Useful Bookmarklets for your iPad and iPhone
The Safari browser of your iOS device (iPad, iPhone, iPod Touch) doesn’t support extensions (or add-ons) but you can still add extra functionality to the mobile browser with the help of bookmarklets.
Bookmarklets, if you are new, are like regular bookmarks but instead of opening new websites, bookmarklets are often used to perform actions. For instance, you can shorten long URLs, translate web pages, find word meanings, save pages and more with a single click.
In the case of a desktop browsers like Chrome or Firefox, you can simply drag the bookmarklet to the bookmarks toolbar but unfortunately, the Safari browser of your iOS device doesn’t support this style of installation. There’s however an easy workaround.
This provides a distraction – free reading environment on the web. The bookmarklet will remove all the clutter from web pages and what you get is a clean and comfortable reading view.
Reading a page that’s not written in your native language? Click this bookmarklet and it will translate it to your language using Google Translate.
This bookmarklet will create a short URL of the current page using goo.gl.
Lets you download the current web page as a PDF file that you may attach as an email or read it offline.
Post the content of the current page, be it an image, video, text or something else, to your Tumblr blog.
Share any web page with your Facebook friends.
Lets you post the URL and title of the current page on to Twitter.
Save web pages directly to your Instapaper account with a click.
Save web pages to your Pocket account with a click. This was formerly known as Read Later bookmarklet.
Grab images from the current web page and pin them on to your Pinterest boards.
If a web page is offline, you can retrieve a copy from Google Cache.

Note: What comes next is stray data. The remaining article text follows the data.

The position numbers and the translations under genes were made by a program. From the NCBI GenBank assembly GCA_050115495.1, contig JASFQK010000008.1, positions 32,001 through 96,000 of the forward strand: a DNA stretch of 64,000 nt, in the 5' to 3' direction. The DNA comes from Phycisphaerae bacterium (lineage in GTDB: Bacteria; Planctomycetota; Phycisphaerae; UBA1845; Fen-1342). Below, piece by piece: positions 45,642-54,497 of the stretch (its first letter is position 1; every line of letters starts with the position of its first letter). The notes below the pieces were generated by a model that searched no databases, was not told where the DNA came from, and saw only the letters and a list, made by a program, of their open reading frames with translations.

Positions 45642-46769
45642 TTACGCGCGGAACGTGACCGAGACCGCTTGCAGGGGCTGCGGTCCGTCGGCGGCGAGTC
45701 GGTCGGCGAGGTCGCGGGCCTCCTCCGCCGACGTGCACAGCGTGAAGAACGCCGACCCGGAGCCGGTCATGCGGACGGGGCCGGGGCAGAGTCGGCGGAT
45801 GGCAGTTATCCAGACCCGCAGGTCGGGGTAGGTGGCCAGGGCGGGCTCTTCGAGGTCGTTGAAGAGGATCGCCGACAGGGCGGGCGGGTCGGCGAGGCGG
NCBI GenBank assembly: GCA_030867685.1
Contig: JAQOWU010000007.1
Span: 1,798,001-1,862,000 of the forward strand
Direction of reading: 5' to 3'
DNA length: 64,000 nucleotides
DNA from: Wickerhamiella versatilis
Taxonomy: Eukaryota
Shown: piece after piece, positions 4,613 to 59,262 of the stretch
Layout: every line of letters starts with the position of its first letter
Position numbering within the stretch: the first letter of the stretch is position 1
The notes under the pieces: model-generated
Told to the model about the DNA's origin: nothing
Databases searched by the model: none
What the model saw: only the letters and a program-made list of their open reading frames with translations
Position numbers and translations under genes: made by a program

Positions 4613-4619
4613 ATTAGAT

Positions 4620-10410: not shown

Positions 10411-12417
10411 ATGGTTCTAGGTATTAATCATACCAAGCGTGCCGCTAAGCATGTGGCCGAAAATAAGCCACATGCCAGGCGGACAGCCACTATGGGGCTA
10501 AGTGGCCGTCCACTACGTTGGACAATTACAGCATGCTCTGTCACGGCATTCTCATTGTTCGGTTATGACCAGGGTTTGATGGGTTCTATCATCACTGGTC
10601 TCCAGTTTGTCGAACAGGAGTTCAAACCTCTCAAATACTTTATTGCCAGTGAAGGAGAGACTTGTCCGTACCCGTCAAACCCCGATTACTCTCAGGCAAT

If you are unable to access a web page due to ISP filtering or because of any geo-restrictions, Coral Cache can fetch a copy for you.
Save the current page to your Google Bookmarks.
Delicious is still quite a popular place for bookmarking web pages. If you are on delicious, use this bookmarklet to bookmark the current page.
This uses bit.ly (or j.mp) to create a short URL of the current web page.
Lets you add an item to your Amazon’s Wish List. You may even add items to the wish-list that are not listed on Amazon.com.
Subscribe to a blog with Google Reader. The bookmarklet will automatically figure out the RSS feed of that blog.
Google Reader is shutting down and this bookmarklet will help you subscribe to RSS feeds inside Feedly, the most popular alternative to Google Reader.
If a website is missing a search box, you can use Google’s Site Search function to search for internal pages of that site.
Save pages to Evernote, an awesome note taking software.
Scoop It is a popular content curation tool and this iOS bookmarklet lets you curate any web page with a click.
Send the current web page to your Amazon Kindle and read it later.
You’ve previously seen sharing bookmarklets for Twitter, Facebook and Twitter but if you would like to share stuff on a different social sites - like Reddit, StumbleUpon, Hacker News, etc. - use this universal sharing bookmarklet (see alternatives).
Note: You may have noticed that a couple of really good bookmarklets - like the one that turns webpages into a whiteboard or the one that lets you edit web pages – are missing here and that’s because they do not work with the mobile Safari browser.
Google Developer Expert, Google Cloud Champion
Amit Agarwal is a Google Developer Expert in Google Workspace and Google Apps Script. He holds an engineering degree in Computer Science (I.I.T.) and is the first professional blogger in India.